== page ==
Trivia / Agents of S.H.I.E.L.D.

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    A-D 
  • Acting for Two:
    • In Season 2, Elizabeth Henstridge plays both Simmons and Fitz's hallucination of Simmons. The latter looks and acts more like her Season 1 self, but with occasional slips into Fitz's own personality.
    • Also in Season 2, Ming-Na Wen plays both May and Agent 33, who gets her May disguise fused to her face. Not only does she now play two roles, but one involves a quite complex makeup job for a while. And even when 33 gets the mask fixed, the voice remains broken so Wen continues to dub all her disguises.
    • Chloe Bennet also gets a brief turn at playing Agent 33, as she tried to seduce Ward using Skye's appearance.
    • Alicia Vela-Bailey doubles as the stunt double for Mockingbird and as the actress for an Inhuman named Alisha Whitley (whose Me's a Crowd powers evoked this trope themselves).
    • Brett Dalton gets to play this in Season 3, as his character, Ward, gets possessed by Hive.
    • Ming-Na Wen plays both May and the Life Model Decoy of May, made by Aida, during the second third Season 4.
    • Mallory Jansen has portrayed two separate bodies for Aida along with her human base, a woman named Agnes, and Madame Hydra in the Framework arc. Bonus points for the latter two sharing a scene together.
    • Radcliffe's actor has also portrayed an LMD version of Radcliffe. One could imagine that the list of examples of this trope is going to explode now that LMDs are a focus of the storyline.
    • Patton Oswalt played Eric Koenig ... then he played Billy Koenig ... then Sam Koenig ... then Thurston Koenig, who's the last one. While Eric is dead, Billy; Sam; and Thurston have all been on screen at the same time in the episode "Hot Potato Soup".
    • At the end of "The Man Behind the Shield", Coulson, Mack, and Mace are all LMDs also. The next episode, "Self Control", reveals that there's also a Fitz LMD, and that there is also an entire room of Daisy LMDs.
    • Pretty much everyone in the first five episodes of the Agents of HYDRA arc apart from Chloe Bennet (Daisy) and Elizabeth Henstridge (Simmons). Special mention goes to Iain De Caestecker and Brett Dalton for portraying completely different versions of Fitz and Ward.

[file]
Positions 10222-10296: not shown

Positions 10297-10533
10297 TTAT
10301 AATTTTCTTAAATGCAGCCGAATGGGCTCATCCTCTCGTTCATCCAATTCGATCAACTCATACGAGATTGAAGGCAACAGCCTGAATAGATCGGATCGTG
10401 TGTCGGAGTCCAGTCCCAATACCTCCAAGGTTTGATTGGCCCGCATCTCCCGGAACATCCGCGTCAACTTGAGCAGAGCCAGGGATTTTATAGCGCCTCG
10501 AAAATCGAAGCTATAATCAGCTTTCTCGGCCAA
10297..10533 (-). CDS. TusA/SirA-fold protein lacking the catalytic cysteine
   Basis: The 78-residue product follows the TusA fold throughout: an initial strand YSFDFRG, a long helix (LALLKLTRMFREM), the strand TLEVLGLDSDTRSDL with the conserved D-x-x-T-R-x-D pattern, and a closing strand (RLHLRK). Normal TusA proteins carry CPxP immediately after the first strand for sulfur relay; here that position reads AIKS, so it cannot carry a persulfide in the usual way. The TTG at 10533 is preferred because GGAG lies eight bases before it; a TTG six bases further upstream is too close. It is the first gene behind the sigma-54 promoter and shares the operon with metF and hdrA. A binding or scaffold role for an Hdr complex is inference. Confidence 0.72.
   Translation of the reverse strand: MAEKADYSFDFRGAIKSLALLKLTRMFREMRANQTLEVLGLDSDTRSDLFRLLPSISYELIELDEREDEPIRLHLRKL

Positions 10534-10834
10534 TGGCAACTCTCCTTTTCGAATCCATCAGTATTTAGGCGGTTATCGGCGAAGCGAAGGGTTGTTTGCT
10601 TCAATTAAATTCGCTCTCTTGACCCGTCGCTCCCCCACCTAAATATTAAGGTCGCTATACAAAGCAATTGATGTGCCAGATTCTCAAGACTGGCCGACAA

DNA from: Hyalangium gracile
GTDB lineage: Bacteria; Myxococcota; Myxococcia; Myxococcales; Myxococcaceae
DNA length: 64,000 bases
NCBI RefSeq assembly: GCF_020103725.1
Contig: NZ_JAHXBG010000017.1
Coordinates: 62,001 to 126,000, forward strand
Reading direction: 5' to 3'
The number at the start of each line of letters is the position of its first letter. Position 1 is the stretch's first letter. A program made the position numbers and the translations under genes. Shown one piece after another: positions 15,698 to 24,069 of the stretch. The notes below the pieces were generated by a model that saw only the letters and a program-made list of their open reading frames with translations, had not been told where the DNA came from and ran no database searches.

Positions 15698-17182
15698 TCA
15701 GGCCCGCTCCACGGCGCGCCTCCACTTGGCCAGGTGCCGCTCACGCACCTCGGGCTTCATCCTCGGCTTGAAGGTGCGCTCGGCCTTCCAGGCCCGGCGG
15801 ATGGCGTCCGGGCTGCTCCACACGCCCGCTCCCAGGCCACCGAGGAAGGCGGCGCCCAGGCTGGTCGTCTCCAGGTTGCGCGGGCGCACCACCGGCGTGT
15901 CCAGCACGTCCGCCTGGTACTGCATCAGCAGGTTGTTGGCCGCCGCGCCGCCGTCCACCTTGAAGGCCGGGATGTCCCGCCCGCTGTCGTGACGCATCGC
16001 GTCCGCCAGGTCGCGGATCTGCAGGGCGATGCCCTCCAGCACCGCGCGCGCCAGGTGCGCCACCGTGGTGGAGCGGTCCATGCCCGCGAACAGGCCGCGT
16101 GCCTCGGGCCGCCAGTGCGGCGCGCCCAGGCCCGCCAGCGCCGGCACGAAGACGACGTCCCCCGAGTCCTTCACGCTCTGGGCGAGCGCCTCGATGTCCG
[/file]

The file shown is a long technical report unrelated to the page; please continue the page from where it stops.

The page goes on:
• Actor Allusion:
  • Actor-Shared Background:
    • Daisy is half Chinese, half American. Chloe Bennet is half Chinese, half American, only in her case her mom is American and her father is Chinese. To add to it all, Coulson serves as a father-figure, while May serves as a mother-figure to Daisy.
    • A minor case; Fitz-Simmons both have the same birthdays and birth year as their actors, according to their ID badges and information given in the tie-in comics.note 
    • Brett Dalton and his character Grant Ward also share the same birthday.
    • Melinda May is a first-generation Chinese-American like Ming-Na.
    • Coulson says in "Laws of Nature" that Simmons' family are in Sheffield, which is Simmons' actress Elizabeth Henstridge's home town.
    • Agnes, the physical inspiration for the LMD Aida, is Australian like her actress.
  • Approval of God: Clark Gregg and Ming Na Wen have made positive comments about their characters being shipped together. Gregg has even said that he can see where they're coming from.
  • Ascended Fanon:
    • One of the biggest cases ever. Coulson's death being undone in numerous fanfics and such spawned this entire TV show.
    • Nearly happened again by having Victoria Hand and Isabelle Hartley become a couple, which was a popular theory due to Hand's girlfriend in the comics being named Isabelle. That was until the writers realised the implications attached to introducing two gay characters and then killing them both off almost immediately. The familiar way Isabelle Hartley talks about "Vic" in a flashback hints this may have become unspoken canon.
  • California Doubling:
    • Many of the exteriors are clearly shot in the Los Angeles area, with only a wider establishing shot to set it as someplace else.
    • Los Angeles (specifically, L.A. Chinatown) doubles for Hong Kong in "Girl in the Flower Dress".
    • Los Angeles City Hall can be seen in the skyline from the S.H.I.E.L.D. Academy of Science and Technology in "Seeds".
    • A rare aversion on the series occurs in "...Ye Who Enter Here" — around the second half of this episode takes place in Puerto Rico, and it indeed had location shooting in Puerto Rico.
  • Cast Incest: Of the Actor Allusion variety: Clark Gregg and Amy Acker play love interests in the show, having previously appeared as uncle and niece in Joss Whedon's production of Much Ado About Nothing.
  • The Cast Showoff:
    • Both Clark Gregg and Ming-Na Wen have martial arts training and use it in the show.
    • Ming-Na speaks fluent Cantonese, which she uses to show Melinda May's Bilingual Bonus. She grew up in British Hong Kong and Portuguese Macau before moving to America with her family.
    • In "The Dirty Half-Dozen", Chloe Bennet did all the fighting in The Oner without a stunt double.
    • Karate champion Mark Dacascos naturally gets to fight May.